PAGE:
Indeed, some families have cut back on church in order to clear out Sundays as their special “family time.” In the past few years I’ve heard from pastors from other parts of the country who lament what soccer is doing to church attendance. Apparently youth soccer leagues, recognizing the hectic pace of people’s lives, have determined that Sundays from 9am until noon are the best time to schedule games. When pastors have complained to these organizations that this zaps church, they have been rebuffed with polite indifference. Worse than that, however, is the reaction these pastors have had from their own members. Some parents have refused to interfere with their children’s intramural sports, choosing soccer over worship because this promotes “family time” (and isn’t that exceedingly valuable?).
Years ago a man named Millard Fuller was pretty near the apex of an American success story. He was a high-octane corporate executive working eight days a week and pulling down close to a million bucks a year. But then one day he heard God calling to him, telling him his life was overfull and his priorities out of whack. So in prayer with his wife one day, Fuller re-committed his life to Christ. He quit his job, moved to a more modest house, and wondered what to do next. What he ended up doing next was building affordable houses for low-income families who could purchase these homes interest-free. Today we are most of us well aware of the great good Habitat for Humanity has done.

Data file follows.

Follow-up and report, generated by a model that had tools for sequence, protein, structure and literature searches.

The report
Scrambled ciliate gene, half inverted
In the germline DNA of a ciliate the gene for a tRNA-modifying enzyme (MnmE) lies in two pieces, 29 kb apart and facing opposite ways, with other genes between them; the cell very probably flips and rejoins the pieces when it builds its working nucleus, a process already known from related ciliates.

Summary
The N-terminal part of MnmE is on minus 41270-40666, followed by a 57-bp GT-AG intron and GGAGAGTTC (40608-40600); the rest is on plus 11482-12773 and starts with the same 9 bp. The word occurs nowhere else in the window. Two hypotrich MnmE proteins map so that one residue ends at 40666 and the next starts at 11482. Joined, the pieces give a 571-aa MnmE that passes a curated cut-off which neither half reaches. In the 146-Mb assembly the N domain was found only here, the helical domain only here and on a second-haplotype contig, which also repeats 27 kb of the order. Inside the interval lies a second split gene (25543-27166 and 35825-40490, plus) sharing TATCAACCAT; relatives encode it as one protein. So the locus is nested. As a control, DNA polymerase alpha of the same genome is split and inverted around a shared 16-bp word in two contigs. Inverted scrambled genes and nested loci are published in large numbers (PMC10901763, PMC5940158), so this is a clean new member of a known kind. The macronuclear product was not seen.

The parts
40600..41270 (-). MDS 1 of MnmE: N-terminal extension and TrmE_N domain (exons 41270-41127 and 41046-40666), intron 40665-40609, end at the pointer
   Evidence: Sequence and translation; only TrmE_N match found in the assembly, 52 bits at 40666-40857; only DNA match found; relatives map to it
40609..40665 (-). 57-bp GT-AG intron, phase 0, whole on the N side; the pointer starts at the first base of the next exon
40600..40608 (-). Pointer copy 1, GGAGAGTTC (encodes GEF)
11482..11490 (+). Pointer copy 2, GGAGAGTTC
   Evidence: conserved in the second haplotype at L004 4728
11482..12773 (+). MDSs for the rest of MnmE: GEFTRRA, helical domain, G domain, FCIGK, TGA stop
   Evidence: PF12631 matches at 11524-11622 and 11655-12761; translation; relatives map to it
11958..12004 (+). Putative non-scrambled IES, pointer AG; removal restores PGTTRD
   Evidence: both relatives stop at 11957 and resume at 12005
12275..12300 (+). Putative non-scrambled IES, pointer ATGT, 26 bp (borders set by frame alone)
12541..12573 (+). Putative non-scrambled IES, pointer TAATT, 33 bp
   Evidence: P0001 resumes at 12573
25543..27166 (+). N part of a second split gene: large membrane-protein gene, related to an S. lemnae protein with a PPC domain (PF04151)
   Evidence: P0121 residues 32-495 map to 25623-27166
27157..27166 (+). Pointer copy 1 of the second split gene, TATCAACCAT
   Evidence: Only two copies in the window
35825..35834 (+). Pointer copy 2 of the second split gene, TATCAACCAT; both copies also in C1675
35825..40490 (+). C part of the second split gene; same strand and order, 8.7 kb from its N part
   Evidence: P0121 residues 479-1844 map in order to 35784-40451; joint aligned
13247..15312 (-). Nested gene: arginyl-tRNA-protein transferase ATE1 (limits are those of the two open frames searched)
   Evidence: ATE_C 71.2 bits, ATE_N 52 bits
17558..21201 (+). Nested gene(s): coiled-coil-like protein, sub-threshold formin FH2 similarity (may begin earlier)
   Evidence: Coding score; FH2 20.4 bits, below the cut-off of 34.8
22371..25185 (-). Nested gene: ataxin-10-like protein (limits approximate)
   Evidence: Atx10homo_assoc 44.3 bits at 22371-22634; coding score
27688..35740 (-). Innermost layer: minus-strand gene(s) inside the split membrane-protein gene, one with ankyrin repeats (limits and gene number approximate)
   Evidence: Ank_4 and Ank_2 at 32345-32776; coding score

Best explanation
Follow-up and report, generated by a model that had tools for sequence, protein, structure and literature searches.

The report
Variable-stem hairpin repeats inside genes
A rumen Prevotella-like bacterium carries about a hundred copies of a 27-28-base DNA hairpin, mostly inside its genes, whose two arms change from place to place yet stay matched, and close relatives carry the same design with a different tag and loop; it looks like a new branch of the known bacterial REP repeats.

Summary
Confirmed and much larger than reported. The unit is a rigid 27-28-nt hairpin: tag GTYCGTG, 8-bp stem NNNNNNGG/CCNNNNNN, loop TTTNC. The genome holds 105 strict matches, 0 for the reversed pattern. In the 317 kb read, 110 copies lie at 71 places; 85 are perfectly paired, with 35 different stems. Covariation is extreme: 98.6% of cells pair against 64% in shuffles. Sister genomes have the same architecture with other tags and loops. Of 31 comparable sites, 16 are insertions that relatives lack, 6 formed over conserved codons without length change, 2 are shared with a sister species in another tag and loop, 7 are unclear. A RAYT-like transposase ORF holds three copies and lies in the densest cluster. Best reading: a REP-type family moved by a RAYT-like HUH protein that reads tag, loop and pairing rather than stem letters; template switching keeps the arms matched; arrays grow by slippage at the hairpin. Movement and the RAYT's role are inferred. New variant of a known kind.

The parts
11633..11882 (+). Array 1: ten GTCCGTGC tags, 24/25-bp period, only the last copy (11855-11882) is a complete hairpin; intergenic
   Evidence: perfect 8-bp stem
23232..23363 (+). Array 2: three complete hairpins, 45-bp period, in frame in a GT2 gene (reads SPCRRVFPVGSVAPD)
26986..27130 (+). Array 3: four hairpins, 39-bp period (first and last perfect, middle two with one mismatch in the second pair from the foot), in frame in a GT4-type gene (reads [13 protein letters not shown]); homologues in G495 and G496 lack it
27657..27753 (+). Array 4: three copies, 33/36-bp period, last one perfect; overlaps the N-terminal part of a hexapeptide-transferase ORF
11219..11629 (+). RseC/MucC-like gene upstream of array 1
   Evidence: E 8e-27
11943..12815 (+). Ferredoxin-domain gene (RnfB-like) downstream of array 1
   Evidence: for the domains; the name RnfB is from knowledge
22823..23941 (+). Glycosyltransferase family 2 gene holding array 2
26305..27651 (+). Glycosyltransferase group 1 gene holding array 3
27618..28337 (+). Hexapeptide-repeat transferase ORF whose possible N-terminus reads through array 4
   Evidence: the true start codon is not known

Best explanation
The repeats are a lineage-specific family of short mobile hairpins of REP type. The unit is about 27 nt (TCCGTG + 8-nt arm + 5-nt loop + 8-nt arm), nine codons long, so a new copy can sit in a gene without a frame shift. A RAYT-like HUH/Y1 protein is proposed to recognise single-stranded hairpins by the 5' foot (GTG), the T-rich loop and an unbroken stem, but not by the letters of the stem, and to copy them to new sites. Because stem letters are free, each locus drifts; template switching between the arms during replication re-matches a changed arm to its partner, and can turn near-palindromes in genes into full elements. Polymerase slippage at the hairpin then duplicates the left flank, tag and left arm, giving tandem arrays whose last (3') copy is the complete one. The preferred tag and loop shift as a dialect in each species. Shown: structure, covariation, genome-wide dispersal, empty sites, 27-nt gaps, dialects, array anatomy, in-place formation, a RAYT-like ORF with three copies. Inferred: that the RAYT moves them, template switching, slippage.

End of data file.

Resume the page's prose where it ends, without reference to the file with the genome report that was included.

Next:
A preacher once re-counted Fuller’s story but was later approached by someone who asked, “How old were Fuller’s children when he quit his job like that?” It took this preacher a minute to appreciate what lay behind this query: how dare Fuller uproot his kids and subject them to a less lavish lifestyle just so that he could serve God?!
Who, after all, makes such choices . . . ?